The backlash
However, it appears that some local leaders might have taken the most workable, conventional aspects of Florida's work and conveniently overlooked the rest.

Florida wrote about cities trapped by their past, in a passage eerily apropos to Cincinnati.

"They pay lip service to the need to attract talent, but continue to pour resources into underwriting big-box retailers, subsidizing down-town malls, recruiting call centers and squandering precious taxpayer dollars on extravagant stadium complexes," Florida wrote.

This is not what the creative class wants, he says.

"Today's professionals ... (are) increasingly opting out of places where tradition is more valued and where the social norms of the organizational age still prevail," Florida wrote. "In fact, many of these places are being almost entirely abandoned by the Creative Class."

Nearly everyone agrees that the bleeding out of Cincinnati's population, especially in the urban core of downtown and Over-the-Rhine, is a fearsome thing that must be stymied if the city is to avoid that worst of all fates — Detroit's.

However, what some call "repopulation," others call "gentrification." While the Urbanists meet to passionately discuss ways to celebrate and revitalize Cincinnati's urban core, some activists worry that rising prices will displace Over-the-Rhine's lower-income, mostly African-American residents.

The term "creative class" often seems to have classist, if not racist, undertones, according to Brian Garry, an independent city council candidate who won more than 5,000 votes but was not elected.

The Rev. Damon Lynch III, who missed ninth place and a seat on council by 738 votes, thinks strengthening Cincinnati's existing communities, not creating new ones, will revitalize the city's economy and repair its image.

While politicians and civic leaders the nation over have hung their hats on Florida's idea that recruiting and retaining a "Creative Class" is the key to a region's economic health, words got muddled, such as "creative," "artist" and "art."

"Who isn't creative?" asked Peter Block of Cincinnati, a best-selling author and management consultant (see Peter's Principles, issue of Sept. 3-9).

"The creative class is made up of anyone who is paid to think for a living," wrote Emily Hall in Seattle's alternative weekly The Stranger (see Without Them, You're Nothing.)

Indeed, suddenly it seemed any "young professional" was now automatically a member of the "creative class."

The table-waiting class
Perhaps the only people not members of the creative class are artists themselves.

Consider the numbers: according to Creative Intelligence, a newsletter issued in conjunction with the Richard Florida Creativity Group, the top average salary for a member of a creative class is in California ($52, 178); the lowest in South Dakota ($31,703). The average wages for creative class workers range from $24.85 per hour (in Delaware) to $15.18 (again, in South Dakota).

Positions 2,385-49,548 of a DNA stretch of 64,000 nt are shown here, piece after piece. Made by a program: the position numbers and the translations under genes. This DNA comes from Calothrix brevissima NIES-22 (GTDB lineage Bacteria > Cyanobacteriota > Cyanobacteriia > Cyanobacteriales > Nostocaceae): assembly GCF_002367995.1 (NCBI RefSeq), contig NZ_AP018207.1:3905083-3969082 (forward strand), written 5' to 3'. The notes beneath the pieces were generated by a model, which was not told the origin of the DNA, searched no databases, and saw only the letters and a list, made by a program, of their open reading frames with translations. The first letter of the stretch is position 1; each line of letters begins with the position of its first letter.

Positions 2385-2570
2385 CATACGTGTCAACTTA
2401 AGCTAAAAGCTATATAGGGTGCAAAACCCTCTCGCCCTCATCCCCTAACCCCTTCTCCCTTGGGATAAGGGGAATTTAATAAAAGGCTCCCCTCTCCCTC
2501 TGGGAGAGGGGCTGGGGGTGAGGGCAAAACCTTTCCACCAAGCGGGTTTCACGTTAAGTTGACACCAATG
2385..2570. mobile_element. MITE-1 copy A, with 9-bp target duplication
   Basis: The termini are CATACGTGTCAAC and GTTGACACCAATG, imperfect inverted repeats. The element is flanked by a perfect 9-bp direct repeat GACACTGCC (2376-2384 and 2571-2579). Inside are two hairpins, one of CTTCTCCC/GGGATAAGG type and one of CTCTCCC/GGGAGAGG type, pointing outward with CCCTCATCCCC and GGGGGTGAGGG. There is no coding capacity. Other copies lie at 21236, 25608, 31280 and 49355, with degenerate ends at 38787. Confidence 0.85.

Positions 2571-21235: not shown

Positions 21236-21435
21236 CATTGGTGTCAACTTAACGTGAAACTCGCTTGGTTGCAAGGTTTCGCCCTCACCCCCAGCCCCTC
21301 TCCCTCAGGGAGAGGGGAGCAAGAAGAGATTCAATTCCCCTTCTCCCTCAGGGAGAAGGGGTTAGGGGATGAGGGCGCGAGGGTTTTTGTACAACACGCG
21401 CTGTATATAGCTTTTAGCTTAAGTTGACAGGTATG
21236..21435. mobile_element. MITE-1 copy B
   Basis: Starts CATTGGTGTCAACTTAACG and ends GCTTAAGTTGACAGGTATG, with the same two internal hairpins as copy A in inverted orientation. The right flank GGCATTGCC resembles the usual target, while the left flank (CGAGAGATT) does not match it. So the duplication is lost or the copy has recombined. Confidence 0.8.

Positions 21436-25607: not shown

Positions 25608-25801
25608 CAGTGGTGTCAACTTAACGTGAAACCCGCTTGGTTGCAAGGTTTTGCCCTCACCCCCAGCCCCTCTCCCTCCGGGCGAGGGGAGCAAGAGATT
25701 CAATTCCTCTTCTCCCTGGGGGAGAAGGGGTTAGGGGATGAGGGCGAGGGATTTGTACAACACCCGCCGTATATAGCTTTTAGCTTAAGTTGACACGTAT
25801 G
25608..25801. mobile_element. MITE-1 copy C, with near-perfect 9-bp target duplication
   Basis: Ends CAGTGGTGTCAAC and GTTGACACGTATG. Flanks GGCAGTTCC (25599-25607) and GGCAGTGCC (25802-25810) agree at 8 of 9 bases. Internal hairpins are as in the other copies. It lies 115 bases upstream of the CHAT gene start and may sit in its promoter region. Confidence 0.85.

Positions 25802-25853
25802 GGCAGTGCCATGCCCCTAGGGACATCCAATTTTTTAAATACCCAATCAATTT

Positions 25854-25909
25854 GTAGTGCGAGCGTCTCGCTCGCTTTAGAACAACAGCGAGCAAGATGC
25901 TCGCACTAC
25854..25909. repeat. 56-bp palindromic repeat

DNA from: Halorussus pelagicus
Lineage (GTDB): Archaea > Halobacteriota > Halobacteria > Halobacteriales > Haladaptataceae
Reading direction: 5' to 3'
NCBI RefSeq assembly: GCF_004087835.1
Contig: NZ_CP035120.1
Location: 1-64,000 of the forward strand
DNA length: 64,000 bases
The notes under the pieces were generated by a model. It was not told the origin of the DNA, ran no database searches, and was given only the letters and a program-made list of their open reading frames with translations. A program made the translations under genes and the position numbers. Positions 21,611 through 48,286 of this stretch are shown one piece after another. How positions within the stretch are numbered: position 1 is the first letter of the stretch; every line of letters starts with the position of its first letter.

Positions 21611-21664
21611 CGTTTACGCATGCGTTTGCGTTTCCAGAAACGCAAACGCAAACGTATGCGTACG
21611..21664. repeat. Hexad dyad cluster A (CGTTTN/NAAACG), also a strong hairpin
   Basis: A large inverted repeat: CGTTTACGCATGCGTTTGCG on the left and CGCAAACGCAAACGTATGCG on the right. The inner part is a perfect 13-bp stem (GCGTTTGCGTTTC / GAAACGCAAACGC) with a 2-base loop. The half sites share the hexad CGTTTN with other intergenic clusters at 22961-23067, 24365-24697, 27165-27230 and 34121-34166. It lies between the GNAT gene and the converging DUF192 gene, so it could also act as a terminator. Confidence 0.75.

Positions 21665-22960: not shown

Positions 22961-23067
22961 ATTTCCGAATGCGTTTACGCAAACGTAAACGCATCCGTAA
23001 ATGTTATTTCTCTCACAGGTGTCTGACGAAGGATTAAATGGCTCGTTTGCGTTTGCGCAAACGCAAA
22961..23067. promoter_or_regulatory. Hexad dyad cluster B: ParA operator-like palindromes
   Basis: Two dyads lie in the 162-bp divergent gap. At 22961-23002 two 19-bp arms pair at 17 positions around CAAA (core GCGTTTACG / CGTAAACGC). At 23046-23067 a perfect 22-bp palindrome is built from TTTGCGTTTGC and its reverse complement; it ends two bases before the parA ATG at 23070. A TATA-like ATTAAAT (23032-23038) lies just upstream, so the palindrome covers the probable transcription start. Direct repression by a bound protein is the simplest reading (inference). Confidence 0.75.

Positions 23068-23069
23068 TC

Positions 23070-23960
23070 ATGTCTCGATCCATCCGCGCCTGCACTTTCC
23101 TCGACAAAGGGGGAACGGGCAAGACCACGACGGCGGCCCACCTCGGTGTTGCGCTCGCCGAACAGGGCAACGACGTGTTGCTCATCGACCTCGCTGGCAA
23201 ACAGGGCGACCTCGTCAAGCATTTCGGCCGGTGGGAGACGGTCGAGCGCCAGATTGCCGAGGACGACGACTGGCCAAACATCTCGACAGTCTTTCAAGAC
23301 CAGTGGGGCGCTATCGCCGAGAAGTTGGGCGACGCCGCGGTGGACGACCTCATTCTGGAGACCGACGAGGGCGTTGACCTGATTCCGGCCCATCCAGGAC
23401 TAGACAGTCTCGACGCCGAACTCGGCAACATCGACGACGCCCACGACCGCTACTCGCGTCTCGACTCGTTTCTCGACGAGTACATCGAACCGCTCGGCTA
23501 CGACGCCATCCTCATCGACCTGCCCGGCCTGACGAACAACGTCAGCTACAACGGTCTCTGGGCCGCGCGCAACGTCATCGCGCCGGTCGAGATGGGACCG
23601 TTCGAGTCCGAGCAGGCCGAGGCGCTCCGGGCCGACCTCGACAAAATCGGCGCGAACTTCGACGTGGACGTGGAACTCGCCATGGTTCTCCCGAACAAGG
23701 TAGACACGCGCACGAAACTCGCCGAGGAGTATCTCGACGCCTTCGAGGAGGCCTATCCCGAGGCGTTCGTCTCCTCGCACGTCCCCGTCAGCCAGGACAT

Most artists don't make anywhere near that, unless they have a night of particularly good tips. One local photographer, however, does well enough working three jobs to finance his graceful cross-processed photographs of flowers.

Hall even goes so far as to call Florida's book "anti-art." It's not artists as producers of art, but the artists' lifestyle that Florida values, she says. Art is only useful to him as an economic cog, to "spur the creativity of computer programmers" — who, she asserts, are not artists — and "as background music and décor for people who need their creative identity validated," Hall writes.

Florida readily admits that his theory is an economic one, but his idea of the creative class doesn't preclude welcoming members of other classes.

"I strongly believe that the key to improving the lot of underpaid, underemployed and disadvantaged people lies not in social welfare programs or low-end make-work jobs — nor in somehow bringing back the factory jobs of the past — but rather in tapping the creativity of these people, paying them appropriately for it and integrating them fully into the Creative Economy," Florida wrote.

Hall isn't impressed. She points out that investment in the arts usually translates into investment in institutions, "not in the things artists really need to survive: affordable studios, for example, and health insurance."

While the debate continues, most of those who are truly bohemian and artistic will continue to create on the fringes as they always have, oblivious to economic theory. More than likely they will be the ones serving coffee and drinks to those reaping the benefits of the overtures made toward the "creative class."

However, any stretching of the collective imagination, any acceptance of the young and the new as not bad but just different, any iota of additional kindness toward those feeling excluded by Cincinnati policies and practices can use Cincinnati's support. Let's hope the energy and conversation spurred by Florida's ideas carries over into 2004. ©